Tropical Fish Keeping - Aquarium fish care and resources

Tropical Fish Keeping - Aquarium fish care and resources (http://www.tropicalfishkeeping.com/)
-   Beginner Planted Aquarium (http://www.tropicalfishkeeping.com/beginner-planted-aquarium/)
-   -   redoing my semi planted tank. (http://www.tropicalfishkeeping.com/beginner-planted-aquarium/redoing-my-semi-planted-tank-88698/)

emkbass 12-24-2011 12:55 AM

redoing my semi planted tank.
 
I would like your opinion on my thoughts.
I have a 55g (standard) with stock lighting, 405 Fluval canister, Air stones, Gravel (large), Heater.
I would like to redo my tank. It currently has about 8 plants in it now. They are alive but not thriving. I would like to make this a fully planted tank. .I don't think that the substrate that I am using is the best for this set up. I would like to switch to sand or a super small gravel. Keep the heater, and keep the filtration if it is good enough for a planted tank.
I notice that you don't use CO2 on any of the tanks in your profile (at least I didn't notice any) I would like to be able to NOT use it either. I probably should not have the air stones but I'm worried about the fish not getting enough oxygen. I have a 48" power compact that I can use for better lighting or I can upgrade the stock bulbs fir this.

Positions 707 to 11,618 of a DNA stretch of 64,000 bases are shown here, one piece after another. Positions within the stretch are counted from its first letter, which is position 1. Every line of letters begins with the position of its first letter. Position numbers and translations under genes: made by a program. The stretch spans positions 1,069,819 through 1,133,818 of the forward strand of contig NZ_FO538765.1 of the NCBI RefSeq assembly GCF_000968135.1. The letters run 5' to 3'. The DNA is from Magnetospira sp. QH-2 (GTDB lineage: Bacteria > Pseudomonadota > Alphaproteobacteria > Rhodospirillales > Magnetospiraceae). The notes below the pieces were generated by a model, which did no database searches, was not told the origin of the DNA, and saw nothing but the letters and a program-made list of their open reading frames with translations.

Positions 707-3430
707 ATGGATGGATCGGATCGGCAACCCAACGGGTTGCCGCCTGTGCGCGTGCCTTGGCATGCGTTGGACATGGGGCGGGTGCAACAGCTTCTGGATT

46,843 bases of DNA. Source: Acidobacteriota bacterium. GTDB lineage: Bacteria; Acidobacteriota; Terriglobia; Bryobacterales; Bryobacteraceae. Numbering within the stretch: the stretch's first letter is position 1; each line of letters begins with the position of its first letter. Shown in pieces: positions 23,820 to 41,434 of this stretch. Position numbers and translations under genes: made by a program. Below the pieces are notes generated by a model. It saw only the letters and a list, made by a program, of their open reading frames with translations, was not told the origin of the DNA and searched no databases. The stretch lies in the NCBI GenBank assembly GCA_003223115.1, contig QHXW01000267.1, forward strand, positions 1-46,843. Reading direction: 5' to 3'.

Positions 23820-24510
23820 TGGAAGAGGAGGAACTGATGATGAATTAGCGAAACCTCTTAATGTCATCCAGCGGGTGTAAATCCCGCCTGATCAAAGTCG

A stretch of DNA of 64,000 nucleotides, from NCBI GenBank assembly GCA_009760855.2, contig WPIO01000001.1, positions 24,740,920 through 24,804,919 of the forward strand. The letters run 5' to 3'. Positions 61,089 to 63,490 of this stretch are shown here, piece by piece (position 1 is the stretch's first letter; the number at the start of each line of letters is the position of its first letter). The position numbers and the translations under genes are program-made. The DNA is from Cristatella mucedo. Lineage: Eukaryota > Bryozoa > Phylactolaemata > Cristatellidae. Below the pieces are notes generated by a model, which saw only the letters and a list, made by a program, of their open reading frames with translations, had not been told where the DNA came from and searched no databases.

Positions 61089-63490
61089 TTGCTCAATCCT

Is the 55 to deep for this? (lighting)
Sorry for all the questions but I need to know where to start.
Also how often (or do you) vaccuum the substrate in your planted tanks?

Any help would be appreciated

Thanks
Eric

Byron 12-24-2011 01:17 PM

There are some members here who have CO2 diffusion in some tanks, but the majority of those of us with planted tanks seem to be natural (low-tech) inclined.

I would agree on changing your substrate; large-sized gravel, such as pea gravel, can work, but in my experience plants didn't do as well. And there are other issues biologically that will be better in a fine grain. Gravel 1-2 mm grain size or sand (coarse) works best.

Filter sounds fine. I would remove the airstones. CO2 is usually the nutrient in least supply and you don't want to be driving off any of it. On this point (CO2), I do not touch the substrate. The majority of CO2 produced naturally in a balanced tank occurs in the substrate from the breaking down of organics. Provided the tank is not overstocked, this will not cause problems. And similarly, there will not be a shortage of oxygen unless there are way too many fish.

Light is the most critical aspect of planted tanks. If by "stock" you means a single T8 tube full length (48-inch), this is workable with a good tube, full spectrum or daylight. I can suggest brands if asked. Or comment further if the light is something else.

My 4-part series "A Basic Approach to the Natural Planted Aquarium" stickied at the head of this section of the forum may provide some background.

Byron.


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